No discussion of antiMasonry would be complete without an extensive
mention of Albert Pike. The flyleaf of a biography written by Mason Jim
Tresner describes him as "...a pioneer, a crusader for justice for Native
Americans, a practical joker, a reformer, a journalist, a philosopher, a
prominent Washington lawyer, and a Civil War general." For many
years, he was leader of the Scottish Rite in the southern United States
and he was the author ofMorals and Dogma published in 1871. The title
in and of itself has led to much confusion since those who are NOT
Masons will automatically assume this book sets forth 'dogma' for
Freemasonry. Nothing could be further from fact.
Let's clarify right at the outset: the vast majority of those who become
Masons have no idea whatsoever who Pike was. In fact, most Masons
throughout the world become members and will eventually die without
ever encountering either him or any of his works. In fact, of all the
Masons worldwide, it's likely that fewer than 2% will have ever even
SEEN (much less read) a copy of ANY of his hundreds of writings, most
of which have been relegated to the dustbin of history. Of the few who
But what are the facts about this book? For about 60 years, it was given as a memento to all who
joined the Southern United States jurisdiction of the Scottish Rite, an appendant body of Freemasonry
(and NOT Freemasonry itself!). In the earliest printings, due to the cost of publishing books, there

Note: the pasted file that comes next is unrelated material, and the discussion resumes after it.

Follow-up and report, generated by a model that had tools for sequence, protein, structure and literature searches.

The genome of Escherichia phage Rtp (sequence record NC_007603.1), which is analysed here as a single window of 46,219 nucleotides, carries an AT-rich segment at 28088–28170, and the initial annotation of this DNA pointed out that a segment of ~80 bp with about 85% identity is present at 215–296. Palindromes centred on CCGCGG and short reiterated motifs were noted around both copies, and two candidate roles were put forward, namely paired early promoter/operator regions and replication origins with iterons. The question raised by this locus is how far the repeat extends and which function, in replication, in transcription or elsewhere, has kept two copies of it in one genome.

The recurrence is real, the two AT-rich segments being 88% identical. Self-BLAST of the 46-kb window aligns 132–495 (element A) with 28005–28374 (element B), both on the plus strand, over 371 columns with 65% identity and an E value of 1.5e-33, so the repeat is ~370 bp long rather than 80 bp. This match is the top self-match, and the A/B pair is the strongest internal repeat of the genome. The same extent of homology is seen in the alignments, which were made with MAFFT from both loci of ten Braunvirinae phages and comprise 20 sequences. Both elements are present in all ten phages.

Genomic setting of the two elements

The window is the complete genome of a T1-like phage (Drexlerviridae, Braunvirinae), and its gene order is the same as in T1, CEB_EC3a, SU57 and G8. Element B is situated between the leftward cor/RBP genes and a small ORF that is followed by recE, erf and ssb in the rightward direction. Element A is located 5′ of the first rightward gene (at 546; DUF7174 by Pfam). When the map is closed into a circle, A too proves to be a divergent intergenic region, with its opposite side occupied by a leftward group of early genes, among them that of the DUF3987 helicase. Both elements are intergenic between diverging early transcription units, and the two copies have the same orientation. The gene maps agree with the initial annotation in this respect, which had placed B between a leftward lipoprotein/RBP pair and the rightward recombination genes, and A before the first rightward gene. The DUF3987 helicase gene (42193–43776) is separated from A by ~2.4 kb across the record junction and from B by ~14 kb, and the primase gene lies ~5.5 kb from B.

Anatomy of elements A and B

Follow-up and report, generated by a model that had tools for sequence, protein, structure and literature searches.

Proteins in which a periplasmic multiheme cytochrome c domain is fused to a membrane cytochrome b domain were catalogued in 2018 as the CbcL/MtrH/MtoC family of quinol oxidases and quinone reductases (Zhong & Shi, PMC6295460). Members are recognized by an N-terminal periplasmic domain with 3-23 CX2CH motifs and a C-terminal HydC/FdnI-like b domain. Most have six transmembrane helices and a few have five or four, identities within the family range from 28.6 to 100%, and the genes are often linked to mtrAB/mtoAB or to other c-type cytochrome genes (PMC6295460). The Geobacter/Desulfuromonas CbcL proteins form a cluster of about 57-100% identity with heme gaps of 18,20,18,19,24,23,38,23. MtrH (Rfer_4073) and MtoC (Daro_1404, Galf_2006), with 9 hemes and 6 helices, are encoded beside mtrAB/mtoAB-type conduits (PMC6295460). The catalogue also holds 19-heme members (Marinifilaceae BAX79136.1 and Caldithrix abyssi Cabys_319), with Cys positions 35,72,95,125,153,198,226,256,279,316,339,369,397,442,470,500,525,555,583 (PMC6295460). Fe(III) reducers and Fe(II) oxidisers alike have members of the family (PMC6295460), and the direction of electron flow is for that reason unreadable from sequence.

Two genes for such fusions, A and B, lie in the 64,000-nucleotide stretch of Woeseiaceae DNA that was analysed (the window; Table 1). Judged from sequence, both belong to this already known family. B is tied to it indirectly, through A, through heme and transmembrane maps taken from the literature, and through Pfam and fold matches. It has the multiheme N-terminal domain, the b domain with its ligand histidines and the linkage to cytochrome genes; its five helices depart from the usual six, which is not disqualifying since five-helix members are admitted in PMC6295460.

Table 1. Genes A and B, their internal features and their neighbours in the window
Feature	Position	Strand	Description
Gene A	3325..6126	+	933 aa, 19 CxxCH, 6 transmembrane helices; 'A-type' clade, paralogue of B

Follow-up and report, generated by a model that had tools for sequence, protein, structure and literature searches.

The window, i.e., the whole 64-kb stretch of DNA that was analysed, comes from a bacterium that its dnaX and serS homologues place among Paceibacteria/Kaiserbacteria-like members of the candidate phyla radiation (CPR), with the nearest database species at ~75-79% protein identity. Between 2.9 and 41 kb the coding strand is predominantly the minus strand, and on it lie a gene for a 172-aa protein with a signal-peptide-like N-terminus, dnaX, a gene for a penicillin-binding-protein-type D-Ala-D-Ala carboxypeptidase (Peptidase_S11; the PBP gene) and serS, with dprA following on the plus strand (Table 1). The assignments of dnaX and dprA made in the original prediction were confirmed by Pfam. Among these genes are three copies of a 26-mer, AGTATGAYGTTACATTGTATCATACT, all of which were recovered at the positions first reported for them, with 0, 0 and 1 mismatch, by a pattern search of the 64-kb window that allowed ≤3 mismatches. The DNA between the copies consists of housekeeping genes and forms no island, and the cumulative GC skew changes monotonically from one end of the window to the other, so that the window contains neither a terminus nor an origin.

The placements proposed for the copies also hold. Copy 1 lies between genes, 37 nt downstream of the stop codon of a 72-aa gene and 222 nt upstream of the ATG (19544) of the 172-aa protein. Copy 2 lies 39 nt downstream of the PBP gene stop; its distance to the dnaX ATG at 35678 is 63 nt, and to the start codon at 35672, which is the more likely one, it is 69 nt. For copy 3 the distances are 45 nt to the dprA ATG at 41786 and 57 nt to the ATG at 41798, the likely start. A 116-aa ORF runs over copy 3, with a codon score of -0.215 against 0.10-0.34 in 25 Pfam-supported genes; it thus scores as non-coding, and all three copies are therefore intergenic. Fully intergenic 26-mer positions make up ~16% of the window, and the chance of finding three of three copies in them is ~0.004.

was an instruction inside that it was to be returned to the Supreme Council in the case of death of
the owner. Of course, there was no way to enforce that and in a majority of cases, it was ignored. As
book publishing costs became less onerous, that request was dropped in later editions. Those who
find such a REQUEST nefarious (it was not an order and certainly impossible to enforce), ignore the
reality of the times.
We'd guess that of the few who actually begin reading this ponderous 850+ page tome, only a small
percentage actually finish it. Of those who do, the great majority admit that they could barely
understand it. (Lately, with the advent of various book comparison online venues, it would seem that
far more NONMasons have read the book than Masons!) Yet despite this, antiMasons assert that
Pike and his works exert significant influence over Freemasonry today. Let's be clear: the book was
NEVER given to all Masons and it has NEVER, EVER (not once, anywhere, anytime) been used as a
'textbook' or 'instruction' for Masons.
an extraordinarily prolific writer even for an age when prolific writing was the
norm. It was also fashioned in the style of Pike's time when public speaking
was a high art form and Pike was known far and wide for his skills in this
area.Morals and Dogma isnot a manifesto (i.e. public declaration of
principles, policies, or intentions) for Masonry or even for the Scottish Rite's
Southern Jurisdiction. It is, rather, an attempt by Pike to provide a
framework for understanding religions and philosophies of the past. Pike
believed that without knowing the history of a concept, one couldn't grasp
the concept itself and thus his lengthy explanations of various religious
beliefs, consistent with knowledge of those beliefs in the mid1800s.
Because of the writing style used by Pike, many of the explanations he seeks to provide are totally
lost on current day readers. Pike felt that unless one understood the complete background of a
philosophy, he could never expect to understand any part thereof. In consequence, he attempted to
put literally everything he'd read, learned, or 'knew' into his prodigious writings.